PUEBLO (AP) Shes a one-woman Christmas-decorating machine.
Except that Rhoada Stahles holiday trees and tables, her wreath-adorned doors and evergreen-festooned corners show far too much artistry to have been done by machine. The Pueblo West retiree has spent 40 years collecting decorations, haunting garage sales and flea markets, studying books and magazines, refining her hobby until its become gallery-worthy. And though theres potential for such a houseful of Christmas to resemble a hoarders nightmare, Stahle exercises restraint along with her enthusiasm and the decorating seems nearly perfect.
A transplant from Cedar Rapids, Iowa, she says modestly: To me, its nothing special. I just do what I like to do.
Stahle decorated her home and a half-dozen Christmas trees during the week before Thanksgiving and says she wont take everything down until the end of January. The trees are artificial evergreen except for one shiny aluminum tree thats a nod to the 1960s so they wont dry out and become messy fire hazards. Shell show them to neighbors if they drop in; otherwise, the trees and decorations are for her own enjoyment.
This time of year I dont have a house big enough to decorate, Stahle says. Ive done it for the last 40 years. Ive just always loved Christmas.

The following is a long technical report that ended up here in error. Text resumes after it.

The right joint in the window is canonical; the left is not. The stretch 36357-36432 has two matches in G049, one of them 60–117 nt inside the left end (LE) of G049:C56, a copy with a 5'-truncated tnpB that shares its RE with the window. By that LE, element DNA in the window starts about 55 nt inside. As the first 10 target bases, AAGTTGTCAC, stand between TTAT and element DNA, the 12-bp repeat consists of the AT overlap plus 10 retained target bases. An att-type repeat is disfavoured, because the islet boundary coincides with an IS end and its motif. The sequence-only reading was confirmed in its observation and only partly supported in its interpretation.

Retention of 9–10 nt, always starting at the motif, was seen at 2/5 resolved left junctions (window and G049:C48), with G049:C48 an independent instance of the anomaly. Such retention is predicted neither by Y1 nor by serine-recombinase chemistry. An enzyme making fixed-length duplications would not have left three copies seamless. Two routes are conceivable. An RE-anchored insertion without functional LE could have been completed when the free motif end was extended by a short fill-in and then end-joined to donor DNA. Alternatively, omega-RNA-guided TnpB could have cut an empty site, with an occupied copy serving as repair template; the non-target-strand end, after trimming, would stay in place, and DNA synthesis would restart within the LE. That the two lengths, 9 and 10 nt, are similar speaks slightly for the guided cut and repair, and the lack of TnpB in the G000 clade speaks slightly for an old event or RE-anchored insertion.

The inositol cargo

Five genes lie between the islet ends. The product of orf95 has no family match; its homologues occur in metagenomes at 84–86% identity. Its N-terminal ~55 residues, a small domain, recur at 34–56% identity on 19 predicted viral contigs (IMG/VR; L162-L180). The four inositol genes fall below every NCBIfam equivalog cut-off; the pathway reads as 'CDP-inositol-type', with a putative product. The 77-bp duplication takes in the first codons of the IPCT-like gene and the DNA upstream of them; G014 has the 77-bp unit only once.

Stahle shops year-round for ornaments and holiday decorations.
Theyre easy to find. Hobby Lobby has had them since July. I look for them at flea markets and garage sales. I found these little cardboard (snow-covered) houses at a shop in Walsenburg, and all these little adobe buildings came from garage sales. I keep an eye out all year.
One of Stahles Christmas trees this year is a folk art-inspired creation of woven straw ornaments, cornhusk dolls, small wooden toys and horses, pine cones and red felt snowflakes, while another has shiny, multicolored-bead garland, glass balls, old-fashioned nutcrackers and twinkling lights. One small tree is decorated in her favorite colors of brown and orange, including bittersweet vine with orange berries, small owls and feathers. More owl ornaments decorate another tree, plus foxes, horses, squirrels and birds nests full of blue eggs. Two foxes, dressed in red and black, are perched on a nearby mantel.
Her trees are different every year.
I start digging around in the tubs in the basement. I never know till I start what each tree will be. I try new combinations. I look at Christmas magazines and books from the 1980s. I just recycle.
Ive just always been able to use my imagination, Stahle says.
She has no wish to return to the snows of Iowa, and she loves her view of Pikes Peak out the window, but this area is brown in winter, Stahle says, and her decorations bring color and cheer to her home.
She does little decorating outdoors, though, because she doesnt want it ruined by the perpetual Pueblo West wind.